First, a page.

Black cats have carried many opposing meaning throughout history. Depending upon your line of work or the country you live in, black cats can be lucky or unlucky. Halloween brings these beliefs to light more than any other time of the year. Some of the legends handed down over time follow. Later we’ll take a look at a 7 year old black cat and find out what black cats are really like.
- If a black cat crosses your path, you will have GOOD luck. Yes, that’s right some believe that this event bring GOOD luck. Variations to this belief say that you must politely greet the cat OR stroke the cat 3 times to bring the good luck.
- If a black cat crosses your path, you will have bad luck. This is a very common unproven belief in America. King Charles I of England owned a black cat, whom he valued very much. He treasured the cat so much that he had his guards watch over it 24 hours a day. As luck would have it, the day after the cat died from an illness, the king was arrested.
- Some believe black cats are witches in disguise. Others believe black cats are witches familiars. (Beings that aid witches in performing their craft.)
- Fisherman’s wives kept black cats while their husbands went away to sea. They believed that the black cats would prevent danger from occurring to their husbands. These black cats were considered so valuable that they were often stolen.
- As a sailor walked up a pier, any cat running ahead of him could bring him luck. If any cat crossed his path, it would mean bad luck.
- Sailors kept cats on board ships to bring them luck. If the ship cat approached a sailor, it meant good luck. If the cat approached halfway and went away, bad luck would surely follow. If a cat was thrown overboard, a storm would rise and very bad luck would follow.
- Various cat parts were also though to be good medicine for a wide range of illnesses.
- Some believed that black cats carried demons.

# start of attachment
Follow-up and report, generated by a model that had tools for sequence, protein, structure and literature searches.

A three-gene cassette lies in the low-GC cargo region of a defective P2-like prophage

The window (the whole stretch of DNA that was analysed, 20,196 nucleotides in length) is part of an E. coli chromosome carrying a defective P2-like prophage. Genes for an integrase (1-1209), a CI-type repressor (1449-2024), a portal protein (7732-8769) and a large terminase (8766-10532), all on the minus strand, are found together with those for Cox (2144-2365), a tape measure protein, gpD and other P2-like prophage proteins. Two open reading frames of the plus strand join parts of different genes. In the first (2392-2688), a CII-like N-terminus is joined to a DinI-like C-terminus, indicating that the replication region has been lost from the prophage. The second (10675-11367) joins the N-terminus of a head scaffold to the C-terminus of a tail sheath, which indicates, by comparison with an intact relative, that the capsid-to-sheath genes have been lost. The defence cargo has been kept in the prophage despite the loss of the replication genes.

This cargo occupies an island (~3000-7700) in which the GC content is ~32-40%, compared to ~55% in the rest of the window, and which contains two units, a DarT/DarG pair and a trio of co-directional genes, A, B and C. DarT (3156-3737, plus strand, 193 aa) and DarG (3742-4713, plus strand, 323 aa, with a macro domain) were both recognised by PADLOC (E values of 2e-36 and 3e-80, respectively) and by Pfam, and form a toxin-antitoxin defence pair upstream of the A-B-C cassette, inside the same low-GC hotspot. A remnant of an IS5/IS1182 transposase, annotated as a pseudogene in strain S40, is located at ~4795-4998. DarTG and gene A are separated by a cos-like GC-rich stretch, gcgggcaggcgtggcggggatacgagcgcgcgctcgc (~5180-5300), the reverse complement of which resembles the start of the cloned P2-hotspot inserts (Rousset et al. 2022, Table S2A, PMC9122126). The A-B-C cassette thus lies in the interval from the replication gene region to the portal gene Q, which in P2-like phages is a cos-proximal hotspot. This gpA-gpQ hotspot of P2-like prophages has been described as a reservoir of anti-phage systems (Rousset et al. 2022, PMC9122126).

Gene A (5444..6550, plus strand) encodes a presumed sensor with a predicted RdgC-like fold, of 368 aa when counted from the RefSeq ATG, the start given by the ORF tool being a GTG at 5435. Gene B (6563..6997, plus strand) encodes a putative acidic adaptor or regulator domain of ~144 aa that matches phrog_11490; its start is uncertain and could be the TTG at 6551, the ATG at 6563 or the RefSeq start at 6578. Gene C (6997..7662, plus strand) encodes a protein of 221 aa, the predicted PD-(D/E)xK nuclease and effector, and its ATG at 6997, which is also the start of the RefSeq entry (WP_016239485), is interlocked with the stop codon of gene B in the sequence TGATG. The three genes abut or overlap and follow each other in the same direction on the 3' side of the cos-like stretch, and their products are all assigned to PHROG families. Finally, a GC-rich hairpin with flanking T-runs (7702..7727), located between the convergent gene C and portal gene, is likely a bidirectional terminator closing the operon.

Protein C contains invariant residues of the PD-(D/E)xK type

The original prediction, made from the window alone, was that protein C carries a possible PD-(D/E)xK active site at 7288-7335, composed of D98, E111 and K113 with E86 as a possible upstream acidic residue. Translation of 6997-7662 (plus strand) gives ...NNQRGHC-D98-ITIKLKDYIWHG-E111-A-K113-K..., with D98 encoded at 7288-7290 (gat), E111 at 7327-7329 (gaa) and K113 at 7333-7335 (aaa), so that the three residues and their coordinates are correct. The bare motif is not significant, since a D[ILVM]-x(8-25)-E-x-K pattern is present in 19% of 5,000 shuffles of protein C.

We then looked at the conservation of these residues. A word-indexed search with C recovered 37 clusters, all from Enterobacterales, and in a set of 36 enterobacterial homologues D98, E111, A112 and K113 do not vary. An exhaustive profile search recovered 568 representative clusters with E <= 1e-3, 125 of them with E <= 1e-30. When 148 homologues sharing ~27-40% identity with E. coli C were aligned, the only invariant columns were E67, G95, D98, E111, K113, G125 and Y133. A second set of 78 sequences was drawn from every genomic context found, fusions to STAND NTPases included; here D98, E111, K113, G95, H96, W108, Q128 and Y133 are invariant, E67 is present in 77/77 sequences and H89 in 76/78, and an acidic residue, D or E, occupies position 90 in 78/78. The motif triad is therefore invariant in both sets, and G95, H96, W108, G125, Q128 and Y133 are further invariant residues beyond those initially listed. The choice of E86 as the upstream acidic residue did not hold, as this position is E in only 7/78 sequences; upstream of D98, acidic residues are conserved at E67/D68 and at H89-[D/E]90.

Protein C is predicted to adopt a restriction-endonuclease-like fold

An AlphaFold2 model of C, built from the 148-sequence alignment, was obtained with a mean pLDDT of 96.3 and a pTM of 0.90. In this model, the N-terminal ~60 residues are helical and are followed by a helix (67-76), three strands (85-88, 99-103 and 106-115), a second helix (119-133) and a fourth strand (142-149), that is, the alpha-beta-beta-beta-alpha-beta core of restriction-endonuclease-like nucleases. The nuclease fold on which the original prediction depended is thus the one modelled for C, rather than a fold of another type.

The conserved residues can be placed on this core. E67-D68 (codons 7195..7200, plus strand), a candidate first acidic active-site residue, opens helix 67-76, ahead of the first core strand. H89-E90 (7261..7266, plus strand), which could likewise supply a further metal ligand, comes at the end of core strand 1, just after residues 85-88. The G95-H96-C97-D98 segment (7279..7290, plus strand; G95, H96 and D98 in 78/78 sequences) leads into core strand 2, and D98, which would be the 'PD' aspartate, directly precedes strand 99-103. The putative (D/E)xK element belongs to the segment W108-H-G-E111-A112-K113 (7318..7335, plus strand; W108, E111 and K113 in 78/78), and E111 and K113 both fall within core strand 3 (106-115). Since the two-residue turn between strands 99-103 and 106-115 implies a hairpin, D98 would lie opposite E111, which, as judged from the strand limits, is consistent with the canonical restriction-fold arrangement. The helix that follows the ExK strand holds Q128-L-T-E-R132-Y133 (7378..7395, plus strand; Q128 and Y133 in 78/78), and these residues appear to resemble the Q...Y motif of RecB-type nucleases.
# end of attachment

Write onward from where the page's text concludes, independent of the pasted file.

- Some believe that black cats have special powers and abilities.
- In Australia and Britain, black cats are though to be lucky.
- Another belief states: A bride will have a happy married life if a black cat sneezes near her on her wedding day.
- All cats were thought to be sacred in ancient Egypt.
- Back in ancient days, the Druids thought black cats were human beings. These humans in cat form were being punished for evil deeds.
- Some believed that black cats could fly on a broom stick.
Mark Levin produced an experiment to test the theory that black cats cause bad luck, which can be found at http://www.liii.com/~nyask/cat-report2.html. (link is dead, but I included it incase, much like a cat, it has additional lives )In his experiment, there was no proof that black cats cause bad luck. Personally after living with a black cat, who was rescued, for 7 years, I can honestly say I have not had what you would call bad luck. And I’m sure my path is crossed at least 20 times a day! People make their own luck, good or bad. Luck is the result of the actions you choose.
People harm black cats around Halloween time. Because of the legend surrounding black cats, most animal facilities take measures to prevent cruelty. Black cats are not adoptable in the weeks before or after Halloween. Many black cats have a very hard time finding a loving home because of these legends.
There are a few other beliefs people have regarding cats that put them in grave danger. One belief is that cats can be set free and they will fend for themselves. Cats turned away from their homes must turn feral (wild) or starve. Most will starve. The ones that do become wild have a very hard life.
I’m sure you’ve all seen cartoons and movies where a basket of kittens is abandoned on someone’s doorstep. This occurs all too often. In fact, when I visited the zoo, a carrier full of kittens had been left that morning in front of the gate. People even stop in a parking lot or on the side of the road to dump cats and dogs off. These stories are very sad, but very true.
Meet a Real Black Cat:
Fairway Junior was a wee tyke of four weeks old, when he was found all alone in the middle of a golf course. The closest house was 2 miles away and there was no people or cats to be found anywhere close by. Junior was picked up and brought home. Upon arrival, he screamed for a meal and ate nearly all of a small can of cat food. We’ve lived with him ever since. He likes visitors in his home and will politely greet most people. He really likes men, but is friendly to some women and most children. There are certain times of the day when he demands a head scratch. He plays quite a bit with his younger adopted brother cat, but sleeps many hours of the day and night. He has no special powers and brings no particular luck, but he is a very loving, loyal cat.
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